A wrongful death suit filed by the wife of a trucker killed in a rollover crash has reached an end. After petitioning to the Texas Supreme Court in November, the state’s high court has decided not to hear the case.
On March 29, the Texas Supreme Court denied the petition for review filed by Cora Sue Sanchez. Representing the estate of Anthony Sanchez, the widow was hoping the high court would overturn a ruling by the Seventh District Court of Appeals, which ruled that the district court was correct in dismissing the case against Roberts Truck Center of Texas LLC of Texas LLC.
In March 2014, Anthony Sanchez was killed in a rollover crash in Upton County, Texas. No other vehicles were involved. Roberts Truck Center owned the truck Sanchez was driving and had leased it to Sanchez’s employer, according to court documents.
After the crash, Sanchez’s survivors sued Roberts. They claimed the seat belt in the truck failed, which caused the driver’s injuries that ultimately resulted in the death.
Roberts Truck Center denied the allegations and filed a no-evidence motion to dismiss. In Texas law, a no-evidence summary judgment is filed if the party feels there is no evidence of one or more essential elements of the claim. The respondent only needs to produce evidence that could raise a genuine issue of material fact. In May 2017, the trial court granted Roberts its summary judgment.
Sanchez’s estate appealed the trial court’s decision. In reviewing a trial court’s order granting a no-evidence summary judgment, the appellate court considers the evidence in the light most favorable to the respondent. A no-evidence summary judgment is improperly granted if the respondent produces “more than a scintilla” of evidence to raise a genuine issue of material fact.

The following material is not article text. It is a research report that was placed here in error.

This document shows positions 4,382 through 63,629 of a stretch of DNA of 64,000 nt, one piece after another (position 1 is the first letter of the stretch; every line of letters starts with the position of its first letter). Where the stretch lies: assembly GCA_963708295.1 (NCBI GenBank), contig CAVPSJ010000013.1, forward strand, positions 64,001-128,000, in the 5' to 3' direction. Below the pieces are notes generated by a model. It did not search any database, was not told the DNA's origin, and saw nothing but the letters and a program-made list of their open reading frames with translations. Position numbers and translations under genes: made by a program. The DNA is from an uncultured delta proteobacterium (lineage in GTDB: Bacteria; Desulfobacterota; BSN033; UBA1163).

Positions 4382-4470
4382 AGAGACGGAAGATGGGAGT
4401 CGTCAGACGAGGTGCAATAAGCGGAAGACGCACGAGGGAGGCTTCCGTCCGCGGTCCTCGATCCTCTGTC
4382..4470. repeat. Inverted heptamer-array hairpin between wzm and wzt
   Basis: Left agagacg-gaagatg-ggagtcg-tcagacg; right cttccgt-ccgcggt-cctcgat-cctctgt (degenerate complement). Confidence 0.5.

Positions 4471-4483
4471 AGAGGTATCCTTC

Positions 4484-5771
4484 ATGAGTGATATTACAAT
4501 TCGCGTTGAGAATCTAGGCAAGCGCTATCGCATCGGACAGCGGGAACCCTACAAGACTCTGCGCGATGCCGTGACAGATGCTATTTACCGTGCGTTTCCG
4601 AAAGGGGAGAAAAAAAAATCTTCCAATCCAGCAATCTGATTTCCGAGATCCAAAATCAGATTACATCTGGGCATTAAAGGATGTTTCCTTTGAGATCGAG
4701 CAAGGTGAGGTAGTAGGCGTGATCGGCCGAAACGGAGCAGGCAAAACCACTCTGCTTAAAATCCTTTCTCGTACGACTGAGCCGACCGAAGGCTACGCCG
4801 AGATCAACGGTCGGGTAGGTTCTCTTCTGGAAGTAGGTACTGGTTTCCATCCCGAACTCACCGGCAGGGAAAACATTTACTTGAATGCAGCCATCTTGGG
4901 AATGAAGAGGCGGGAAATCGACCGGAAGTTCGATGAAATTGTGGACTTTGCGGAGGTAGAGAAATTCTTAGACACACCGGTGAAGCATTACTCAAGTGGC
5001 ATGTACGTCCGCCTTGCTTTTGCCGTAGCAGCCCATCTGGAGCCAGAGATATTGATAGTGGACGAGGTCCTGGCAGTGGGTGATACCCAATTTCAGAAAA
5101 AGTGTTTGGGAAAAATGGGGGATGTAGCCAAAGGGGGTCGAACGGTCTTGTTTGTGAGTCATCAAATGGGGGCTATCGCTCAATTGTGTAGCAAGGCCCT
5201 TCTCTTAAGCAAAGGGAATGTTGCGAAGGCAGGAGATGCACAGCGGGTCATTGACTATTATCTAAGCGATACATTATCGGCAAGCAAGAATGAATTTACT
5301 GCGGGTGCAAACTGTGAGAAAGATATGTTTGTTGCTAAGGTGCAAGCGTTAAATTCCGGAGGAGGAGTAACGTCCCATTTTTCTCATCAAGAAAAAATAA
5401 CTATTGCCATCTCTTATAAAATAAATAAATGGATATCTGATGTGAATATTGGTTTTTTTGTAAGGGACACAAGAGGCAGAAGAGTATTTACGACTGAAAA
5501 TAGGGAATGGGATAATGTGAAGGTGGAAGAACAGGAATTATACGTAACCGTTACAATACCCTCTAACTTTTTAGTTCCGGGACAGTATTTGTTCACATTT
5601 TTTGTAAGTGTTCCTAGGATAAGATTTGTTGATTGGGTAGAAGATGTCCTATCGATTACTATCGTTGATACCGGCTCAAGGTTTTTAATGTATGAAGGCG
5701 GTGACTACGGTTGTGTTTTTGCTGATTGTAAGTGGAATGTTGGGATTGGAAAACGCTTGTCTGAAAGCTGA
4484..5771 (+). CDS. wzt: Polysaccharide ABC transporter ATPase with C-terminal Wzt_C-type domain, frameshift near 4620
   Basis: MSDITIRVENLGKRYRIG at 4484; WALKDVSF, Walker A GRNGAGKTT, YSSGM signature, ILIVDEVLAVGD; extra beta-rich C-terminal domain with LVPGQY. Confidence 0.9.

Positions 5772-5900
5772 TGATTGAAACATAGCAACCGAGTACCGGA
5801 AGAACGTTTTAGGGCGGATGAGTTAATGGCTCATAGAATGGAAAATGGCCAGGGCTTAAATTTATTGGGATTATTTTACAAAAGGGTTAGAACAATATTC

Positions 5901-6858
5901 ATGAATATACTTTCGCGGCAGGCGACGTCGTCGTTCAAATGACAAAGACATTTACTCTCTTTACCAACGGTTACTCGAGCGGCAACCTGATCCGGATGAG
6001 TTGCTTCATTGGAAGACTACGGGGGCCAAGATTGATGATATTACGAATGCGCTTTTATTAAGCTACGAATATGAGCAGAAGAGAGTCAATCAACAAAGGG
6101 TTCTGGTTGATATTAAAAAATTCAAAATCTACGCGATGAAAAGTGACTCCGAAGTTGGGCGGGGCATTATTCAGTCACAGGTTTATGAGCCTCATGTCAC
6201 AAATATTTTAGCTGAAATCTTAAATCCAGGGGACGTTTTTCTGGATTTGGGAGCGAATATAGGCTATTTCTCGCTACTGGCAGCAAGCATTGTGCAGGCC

Sanchez claims she had more than a scintilla of evidence regarding negligence. An expert witness concluded that since post-crash testing showed the seat belt webbing was compromised and indicated chemical exposure, Roberts Truck Center must have failed to discover a problem during routine maintenance.
However, the appellate court was not convinced with that line of reasoning.
“Sanchez has not pointed to evidence that the seat belt was in a defective condition before the accident, during a period that it should have been detected or repaired by Roberts as part of its obligation to provide routine maintenance to the vehicle,” the court opined. “Sanchez’s expert assumes that the seat belt’s ‘signs of chemical exposure’ would have been visually evident before the accident.”
Essentially, the claim creates a “mere surmise or suspicion,” which is considered “no evidence” in the court of law. Consequently, the appellate court affirmed the trial court’s granting of Roberts’ no-evidence motion for summary judgment in October.
With no options left after the Texas Supreme Court denied Sanchez’s petition for review, the case is officially closed.
Copyright © OOIDA